A walk through the rarefied air of luxury travel magazines.
As a travel writer, I feel like I need to be up on what’s going on, so I read a ton of magazines. Even when they seem downright silly, which is how I often feel while leafing through many of them. Why do I always seem to have a smirk on my face when flipping through Travel and Leisure, for example?
Well, here’s a good reason. The current issue gushes about a stylish restaurant in Marrakesh, one featuring minimalist/modernist decor, jazz music, international cuisine, and “not a belly dancer in sight.” Let’s forget for a moment that belly dancers are not exactly a common sight this far from Cairo–I didn’t see a one in the three weeks I was there. More importantly, why would you travel across the world just to go to a restaurant where “you’ll think you’re in Notting Hill”?!?!
This comes two pages after a short piece on UK travel agency Thomson trying out a new “multimedia Virtual Holiday” in 20 of its branches. “Travelers short on time and long on wanderlust can now visit Egypt without boarding a plane.” I’m not sure why there would be a need for this, but apparently you see video, hear sounds and smell, yes smell the spice market and a pharoah’s tomb. (Can I choose to smell a hookah and a perfumed belly dancer instead?)
And of course the big stories are all about spending loads of money on spas and personal butlers, with the kind of luxury you are (well, they are) used to at home. When one letter writer asked about a private tour in Peru, they touted a 12-day tour from $4,380 per person before airfare or a 7-day tour from $3,595 per person before airfare. Hmmmm, something tells me I won’t be spending anything close to that when I go down there in June.
Does everyone who reads these kinds of magazines spend that much money on a vacation? Of course not, but there’s plenty of lux-envy going on when people of more normal means read these publications. The magazines perpetuate the myth that travel is and has to be expensive.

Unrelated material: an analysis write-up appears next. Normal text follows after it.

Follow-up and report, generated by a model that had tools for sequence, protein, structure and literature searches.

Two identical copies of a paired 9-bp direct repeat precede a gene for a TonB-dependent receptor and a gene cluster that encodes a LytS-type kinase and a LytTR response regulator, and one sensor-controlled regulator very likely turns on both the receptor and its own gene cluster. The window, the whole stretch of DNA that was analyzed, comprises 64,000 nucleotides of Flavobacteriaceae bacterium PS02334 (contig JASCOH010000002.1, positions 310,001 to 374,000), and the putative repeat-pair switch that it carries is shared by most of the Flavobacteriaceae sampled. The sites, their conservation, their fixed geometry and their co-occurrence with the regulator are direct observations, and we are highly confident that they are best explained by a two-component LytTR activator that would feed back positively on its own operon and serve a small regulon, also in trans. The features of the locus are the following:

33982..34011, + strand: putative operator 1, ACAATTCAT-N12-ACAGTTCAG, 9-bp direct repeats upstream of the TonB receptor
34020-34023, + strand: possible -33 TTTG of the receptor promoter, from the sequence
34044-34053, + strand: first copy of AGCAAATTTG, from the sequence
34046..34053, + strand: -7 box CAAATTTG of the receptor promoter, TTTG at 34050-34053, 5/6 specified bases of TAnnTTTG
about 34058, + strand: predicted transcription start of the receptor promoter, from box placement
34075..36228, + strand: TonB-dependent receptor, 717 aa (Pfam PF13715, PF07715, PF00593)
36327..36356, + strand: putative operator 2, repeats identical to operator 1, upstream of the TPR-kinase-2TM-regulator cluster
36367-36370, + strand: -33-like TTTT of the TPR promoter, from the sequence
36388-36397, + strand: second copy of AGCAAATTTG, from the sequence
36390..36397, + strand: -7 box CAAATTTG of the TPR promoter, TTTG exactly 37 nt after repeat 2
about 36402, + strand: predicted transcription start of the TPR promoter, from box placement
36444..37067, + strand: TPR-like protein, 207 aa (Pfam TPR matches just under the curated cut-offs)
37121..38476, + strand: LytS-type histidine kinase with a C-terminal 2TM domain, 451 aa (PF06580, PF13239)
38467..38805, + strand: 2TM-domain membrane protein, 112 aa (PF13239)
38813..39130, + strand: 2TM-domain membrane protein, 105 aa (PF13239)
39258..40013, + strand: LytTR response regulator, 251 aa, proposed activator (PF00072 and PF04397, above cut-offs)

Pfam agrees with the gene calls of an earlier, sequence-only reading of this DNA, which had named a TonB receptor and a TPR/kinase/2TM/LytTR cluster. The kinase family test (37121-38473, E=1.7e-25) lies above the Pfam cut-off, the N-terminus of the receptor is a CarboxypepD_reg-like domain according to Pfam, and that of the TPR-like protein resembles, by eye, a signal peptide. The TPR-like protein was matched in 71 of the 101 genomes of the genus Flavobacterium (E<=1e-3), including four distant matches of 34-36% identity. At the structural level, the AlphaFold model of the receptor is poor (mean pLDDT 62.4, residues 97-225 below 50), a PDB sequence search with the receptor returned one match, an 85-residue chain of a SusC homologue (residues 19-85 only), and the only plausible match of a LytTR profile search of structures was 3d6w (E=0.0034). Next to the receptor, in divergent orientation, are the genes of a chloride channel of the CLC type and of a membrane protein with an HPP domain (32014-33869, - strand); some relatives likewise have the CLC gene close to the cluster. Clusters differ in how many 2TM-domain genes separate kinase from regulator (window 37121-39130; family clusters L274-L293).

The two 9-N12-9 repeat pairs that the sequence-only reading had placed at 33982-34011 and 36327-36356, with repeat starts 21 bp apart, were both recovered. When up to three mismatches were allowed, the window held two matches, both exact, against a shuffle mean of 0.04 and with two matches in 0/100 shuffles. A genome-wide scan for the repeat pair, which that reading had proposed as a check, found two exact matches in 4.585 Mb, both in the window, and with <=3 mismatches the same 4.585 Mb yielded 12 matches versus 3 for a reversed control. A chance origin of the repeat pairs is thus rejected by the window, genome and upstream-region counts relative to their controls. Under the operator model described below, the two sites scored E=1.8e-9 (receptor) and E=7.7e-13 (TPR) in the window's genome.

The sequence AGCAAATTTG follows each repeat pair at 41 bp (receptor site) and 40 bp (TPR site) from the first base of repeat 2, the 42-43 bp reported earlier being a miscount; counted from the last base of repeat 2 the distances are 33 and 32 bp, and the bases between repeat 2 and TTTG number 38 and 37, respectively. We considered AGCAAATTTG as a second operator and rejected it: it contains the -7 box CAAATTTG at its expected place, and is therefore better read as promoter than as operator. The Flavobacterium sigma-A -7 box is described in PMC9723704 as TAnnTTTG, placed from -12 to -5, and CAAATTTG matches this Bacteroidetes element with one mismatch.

Everyone doesn’t have to stay in 5-star hotels and be sheltered from the real flavor of the destination, just as everyone doesn’t have to wear $300 sunglasses, carry $1,500 purses (modeled by Uma Thurman), or drive the $60,000 cars–all products advertised next to these travel articles.
So what are the rich getting for all this luxury travel money? Back to Peru again, and a big feature article in Town and Country Travel. The writer did an Inca Trail hike which costed the participants over $3,000 each for 4 days. But apparently the cost came from acting like it was the 1800s and they were part of a British Empire expedition. The group of 13 women traveled with fifty-four porters (no, that’s not a misprint) who carried toilet tents, massage tents an oven, 18 bottles of wine, 35 gallons of bottled water, china for dining, glasses and silverware, and eight hundred pounds of food, including eggs.
If you really think this is an interesting way to travel and you have more money than you know what to do with, then go for it. If not, remember that it doesn’t have to be this way. My wife and I are hiking the Inca Trail in June with one of the best companies there, one with a reputation for good food, fair treatment of porters, and respect for the environment–as in not carrying 35 gallons of bottled water when you can just purify what’s already flowing freely all around. Our tab for 4 days? $335–including a dedicated porter to schlepp our belongings. Something tells me we won’t miss the wine glasses and fine silverware…